Three years into his medical school career, Joe Ladapo had a revelation, but it wasn’t in a medical class, it was in economics.
Ladapo, an M.D./Ph.D. student graduating this spring from Harvard Medical School, felt an instant connection with the material and the way of thinking he found as he studied economics for the first time.
The class was at the John F. Kennedy School of Government, where Ladapo was taking a year off from his medical studies for a planned master’s degree in public policy. After the year was over, however, he enjoyed studying policy so much that he decided to pursue a doctorate instead.
“It was a difficult decision because I didn’t want to extend school,” Ladapo said. “[But] something was speaking to me from the material. I felt a deep interest in pursuing it further. It would seem like an injustice not to pursue it further.”
So Ladapo extended his stay at Harvard another three years to complete a doctorate in health policy, which he says is the perfect complement to his interest in helping people through medicine.
Along the way, Ladapo published research on utilization of new CT scanner technology in emergency rooms to assess possible heart attacks, on the adoption of the new scanner technology in hospitals across the country, and on the ramifications of increased screening of newborns for disease.
Ladapo, who is doing a residency in internal medicine next year at Beth Israel Deaconess Medical Center, was born in Nigeria and immigrated to the United States with his family when he was 5. His father, a microbiologist, brought his family to the United States to continue his own studies and today teaches biology at North Carolina Central University.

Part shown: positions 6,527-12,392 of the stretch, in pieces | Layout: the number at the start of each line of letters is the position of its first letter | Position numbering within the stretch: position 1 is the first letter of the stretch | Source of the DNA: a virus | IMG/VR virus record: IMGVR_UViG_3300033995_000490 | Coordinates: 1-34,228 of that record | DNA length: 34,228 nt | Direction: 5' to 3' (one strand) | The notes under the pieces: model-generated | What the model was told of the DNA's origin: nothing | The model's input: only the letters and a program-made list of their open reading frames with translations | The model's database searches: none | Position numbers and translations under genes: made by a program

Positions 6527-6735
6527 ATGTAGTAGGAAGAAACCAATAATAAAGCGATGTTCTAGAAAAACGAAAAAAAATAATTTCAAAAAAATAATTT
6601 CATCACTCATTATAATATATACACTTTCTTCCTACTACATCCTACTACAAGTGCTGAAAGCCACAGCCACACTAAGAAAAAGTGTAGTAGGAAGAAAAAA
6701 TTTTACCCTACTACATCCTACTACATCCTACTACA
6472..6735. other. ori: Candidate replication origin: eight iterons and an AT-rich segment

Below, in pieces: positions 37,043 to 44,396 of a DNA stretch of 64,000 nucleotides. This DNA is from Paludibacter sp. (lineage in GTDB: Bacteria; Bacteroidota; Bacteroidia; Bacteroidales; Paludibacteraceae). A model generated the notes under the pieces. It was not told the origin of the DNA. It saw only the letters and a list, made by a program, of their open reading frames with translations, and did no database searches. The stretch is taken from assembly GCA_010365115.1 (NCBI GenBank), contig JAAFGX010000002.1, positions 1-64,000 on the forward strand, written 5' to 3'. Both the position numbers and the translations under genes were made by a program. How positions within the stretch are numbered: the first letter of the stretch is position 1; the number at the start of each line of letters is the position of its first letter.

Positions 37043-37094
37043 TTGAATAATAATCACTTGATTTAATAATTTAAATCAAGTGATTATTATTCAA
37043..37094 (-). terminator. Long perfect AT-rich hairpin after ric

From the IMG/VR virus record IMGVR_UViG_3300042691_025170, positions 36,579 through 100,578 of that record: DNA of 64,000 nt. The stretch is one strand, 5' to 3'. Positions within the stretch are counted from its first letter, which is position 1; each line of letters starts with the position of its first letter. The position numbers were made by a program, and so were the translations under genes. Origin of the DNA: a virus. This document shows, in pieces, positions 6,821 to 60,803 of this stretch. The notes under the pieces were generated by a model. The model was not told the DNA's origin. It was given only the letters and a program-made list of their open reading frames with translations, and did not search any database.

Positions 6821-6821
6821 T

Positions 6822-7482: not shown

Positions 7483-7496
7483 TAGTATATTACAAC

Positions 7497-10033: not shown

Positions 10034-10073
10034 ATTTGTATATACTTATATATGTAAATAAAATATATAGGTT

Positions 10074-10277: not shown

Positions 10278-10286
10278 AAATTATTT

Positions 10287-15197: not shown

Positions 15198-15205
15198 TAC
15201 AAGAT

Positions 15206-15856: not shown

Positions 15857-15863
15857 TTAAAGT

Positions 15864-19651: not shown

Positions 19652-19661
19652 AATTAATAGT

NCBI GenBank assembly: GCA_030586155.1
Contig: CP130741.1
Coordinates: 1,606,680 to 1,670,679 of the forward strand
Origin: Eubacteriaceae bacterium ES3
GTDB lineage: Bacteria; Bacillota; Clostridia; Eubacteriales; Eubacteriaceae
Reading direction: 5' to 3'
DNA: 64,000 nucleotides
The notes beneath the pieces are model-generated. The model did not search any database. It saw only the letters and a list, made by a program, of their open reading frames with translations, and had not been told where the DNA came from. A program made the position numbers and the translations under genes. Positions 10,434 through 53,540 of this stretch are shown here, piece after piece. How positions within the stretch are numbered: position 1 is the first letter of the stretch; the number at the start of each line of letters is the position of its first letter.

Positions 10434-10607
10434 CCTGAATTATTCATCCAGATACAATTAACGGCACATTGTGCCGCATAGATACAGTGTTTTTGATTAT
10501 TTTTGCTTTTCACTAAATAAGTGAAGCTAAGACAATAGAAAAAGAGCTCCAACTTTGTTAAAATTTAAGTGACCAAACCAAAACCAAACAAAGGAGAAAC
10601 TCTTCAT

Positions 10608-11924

Ladapo said he was interested in math and computers in high school but decided on medical school during his undergraduate years at Wake Forest University, where he graduated in 2000 with a degree in chemistry. The ability to see people face to face and know he’s helping them is what drew him to medicine.
“I really like being on the front lines and seeing … that I’m making a difference,” Ladapo said.
Over the eight years since he first arrived at Harvard, Ladapo said he’s undergone such a profound transformation that he might as well have had a brain transplant.
Along the way, he’s gotten involved in various projects that interest him. Early on in his Harvard career, he was one of the founders of SEAM, Students for Environmental Awareness in Medicine. The nonprofit organization, which has chapters at several other universities, aims to organize medical students who are concerned about the environment.
Ladapo has also worked to help others in nonmedical ways. He found mentoring middle school and high school students through the YMCA particularly rewarding.
“I really love being able to help them understand things better and help them academically at school,” Ladapo said.
Looking back at his time at Harvard, Ladapo said he feels lucky to have been part of a community made up of talented, energetic people with the resources and support to pursue a wide variety of innovative ideas.
“I feel lucky to have been here and able to benefit and grow in this tremendously rich environment,” Ladapo said.